The Radio Broadcast that caused panic on Halloween Eve!

This took place on the eve of Halloween October 30 sixty nine years ago in 1938 : A young actor Orson Welles scared out nation.47059.jpg

Orson Welles causes a nationwide panic with his broadcast of “War of the Worlds”–a realistic radio dramatization of a Martian invasion of Earth.

Orson Welles was only 23 years old when his Mercury Theater company decided to update H.G. Wells’ 19th-century science fiction novel War of the Worlds for national radio. Despite his age, Welles had been in radio for several years, most notably as the voice of “The Shadow” in the hit mystery program of the same name. “War of the Worlds” was notplanned as a radio hoax, and Welles had little idea of the havoc it
would cause.

The show began on Sunday, October 30, at 8 p.m. A voice announced: “The Columbia Broadcasting System and its affiliated stations present Orson Welles and the Mercury Theater on the air in ‘War of the Worlds’by H.G. Wells.”

Sunday evening in 1938 was prime-time in the golden age of radio, and millions of Americans had their radios turned on. But most of these Americans were listening to ventriloquist Edgar Bergen and his dummy “Charlie McCarthy” on NBC and only turned to CBS at 8:12 p.m. after the comedy sketch ended and a little-known singer went on. By then,the story of the Martian invasion was well underway.

Welles introduced his radio play with a spoken introduction, followed by an announcer reading a weather report. Then, seemingly abandoning the storyline, the announcer took listeners to “the Meridian Room in the Hotel Park Plaza in downtown New York, where you will be entertained by the music of Ramon Raquello and his orchestra.” Putrid dance music played for some time, and then the scare began. An announcer broke in to report that “Professor Farrell of the Mount Jenning Observatory” had detected explosions on the planet Mars. Then the dance music came back on, followed by another interruption in which listeners were informed that a large meteor had crashed into a farmer’s field in Grovers Mills, New Jersey.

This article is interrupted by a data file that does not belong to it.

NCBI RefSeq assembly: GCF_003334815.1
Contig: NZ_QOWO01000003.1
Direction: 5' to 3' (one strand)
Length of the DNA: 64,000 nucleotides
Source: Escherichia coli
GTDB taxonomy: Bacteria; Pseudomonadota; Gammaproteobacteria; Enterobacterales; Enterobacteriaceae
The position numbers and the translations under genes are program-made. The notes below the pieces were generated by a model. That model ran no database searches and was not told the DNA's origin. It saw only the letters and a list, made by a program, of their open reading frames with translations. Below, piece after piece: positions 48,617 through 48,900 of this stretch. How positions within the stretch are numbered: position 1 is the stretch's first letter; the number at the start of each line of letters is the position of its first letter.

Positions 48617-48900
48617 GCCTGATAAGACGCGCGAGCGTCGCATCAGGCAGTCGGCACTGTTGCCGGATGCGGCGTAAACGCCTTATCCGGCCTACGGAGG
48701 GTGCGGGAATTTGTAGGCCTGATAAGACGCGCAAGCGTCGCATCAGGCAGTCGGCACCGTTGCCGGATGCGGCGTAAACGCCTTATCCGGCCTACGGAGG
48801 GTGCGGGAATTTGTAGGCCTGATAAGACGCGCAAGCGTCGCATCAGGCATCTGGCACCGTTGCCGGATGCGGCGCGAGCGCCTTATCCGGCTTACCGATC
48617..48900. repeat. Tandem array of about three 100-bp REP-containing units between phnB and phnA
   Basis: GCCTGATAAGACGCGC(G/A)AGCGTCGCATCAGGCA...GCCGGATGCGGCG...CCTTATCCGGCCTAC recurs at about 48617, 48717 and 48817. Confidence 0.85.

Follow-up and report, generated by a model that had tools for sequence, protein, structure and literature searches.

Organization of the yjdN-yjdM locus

Soon, an announcer was at the crash site describing a Martian emerging from a large metallic cylinder. “Good heavens,” he declared, “something’s wriggling out of the shadow like a gray snake. Now here’s another and another one and another one. They look like tentacles to me … I can see the thing’s body now. It’s large, large as a bear. It
glistens like wet leather. But that face, it …it … ladies and gentlemen, it’s indescribable. I can hardly force myself to keep looking at it, it’s so awful. The eyes are black and gleam like a serpent. The mouth is kind of V-shaped with saliva dripping from its
rimless lips that seem to quiver and pulsate.”

The Martians mounted walking war machines and fired “heat-ray” weapons at the puny humans gathered around the crash site. They annihilated a force of 7,000 National Guardsman, and after being attacked by artillery and bombers the Martians released a poisonous gas into the air. Soon “Martian cylinders” landed in Chicago and St. Louis. The radio play was extremely realistic, with Welles employing sophisticated sound effects and his actors doing an excellent job portraying terrified announcers and other characters. An announcer reported that widespread panic had broken out in the vicinity of the landing sites, with thousands desperately trying to flee. In fact,
that was not far from the truth.

Perhaps as many as a million radio listeners believed that a real Martian invasion was underway. Panic broke out across the country. In New Jersey, terrified civilians jammed highways seeking to escape the alien marauders. People begged police for gas masks to save them from the toxic gas and asked electric companies to turn off the power so